Researchers have designed a non-invasive and inexpensive chip-based optical biosensor with increased sensitivity to detect the presence and progression of cancerous tumors. The cancer protein biomarker S100A4 was detected at concentrations of 300 picomolar in a synthetic urine sample.
Researchers from the University of Texas Southwestern Medical Center (TX, USA) have identified a biomarker blood test that could identify individuals with early-stage heart disease in need of treatment.
Researchers have analyzed flotillin levels in samples from individuals with and without Alzheimer’s disease (AD) and determined that serum flotillin levels are negatively associated with brain amyloid deposition. Flotillin could serve as a biomarker to estimate brain amyloid deposition, potentially aiding the early diagnosis of AD.
Researchers from the RIKEN Center for Brain Science (Wako, Japan) have identified that hydrogen sulfide production – as a result of MPST gene expression – was higher in postmortem brains from individuals with schizophrenia compared with unaffected individuals.
Scientists from the University of California San Diego (CA, USA) and the University of Alcalá (Madrid, Spain) have reported a pacifier biosensor that could pave the way for future research towards noninvasive saliva biomarker monitoring.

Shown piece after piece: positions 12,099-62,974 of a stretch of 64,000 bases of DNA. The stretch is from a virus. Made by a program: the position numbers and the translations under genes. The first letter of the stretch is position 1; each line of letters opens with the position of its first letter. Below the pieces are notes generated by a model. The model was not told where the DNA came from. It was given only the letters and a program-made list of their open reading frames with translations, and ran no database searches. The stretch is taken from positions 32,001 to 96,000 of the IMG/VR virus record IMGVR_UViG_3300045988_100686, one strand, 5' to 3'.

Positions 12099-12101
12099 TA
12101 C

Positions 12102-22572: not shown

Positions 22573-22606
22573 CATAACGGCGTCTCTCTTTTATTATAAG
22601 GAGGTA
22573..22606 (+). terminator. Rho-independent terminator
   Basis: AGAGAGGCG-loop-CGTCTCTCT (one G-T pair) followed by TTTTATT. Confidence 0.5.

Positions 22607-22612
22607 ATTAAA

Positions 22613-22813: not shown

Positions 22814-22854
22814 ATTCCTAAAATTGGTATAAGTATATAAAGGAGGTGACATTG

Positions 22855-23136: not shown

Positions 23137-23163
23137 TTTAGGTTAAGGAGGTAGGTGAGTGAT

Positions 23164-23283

Thermo Fisher Scientific (MA, USA) have announced a new molecular quality control panel. The panel could provide researchers with increased confidence when performing BCR-ABL assays.
Researchers based at the University of Dundee (Scotland) have reported a serum based assay that could be capable of predicting disease severity and clinical outcome of abdominal aortic aneurysm.
Matthew Baker, University of Strathclyde (Glasgow, Scotland), led research for a diagnostic tool that distinguished 87% of blood samples from patients with brain cancer from healthy individuals. This diagnostic tool could improve the speed and accuracy of brain cancer diagnosis.
Researchers from Columbia University School of Engineering and Applied Science (SC, USA) have reported a new novel diagnostic technique that could detect Lyme disease in 15 minutes.
Scientists from the University of Eastern Finland (Finland) and the University of Oulu (Finland) have published a study that demonstratesshows serum neurofilament levels could be used as a biomarker to discriminate frontotemporal dementia from psychiatric disorders.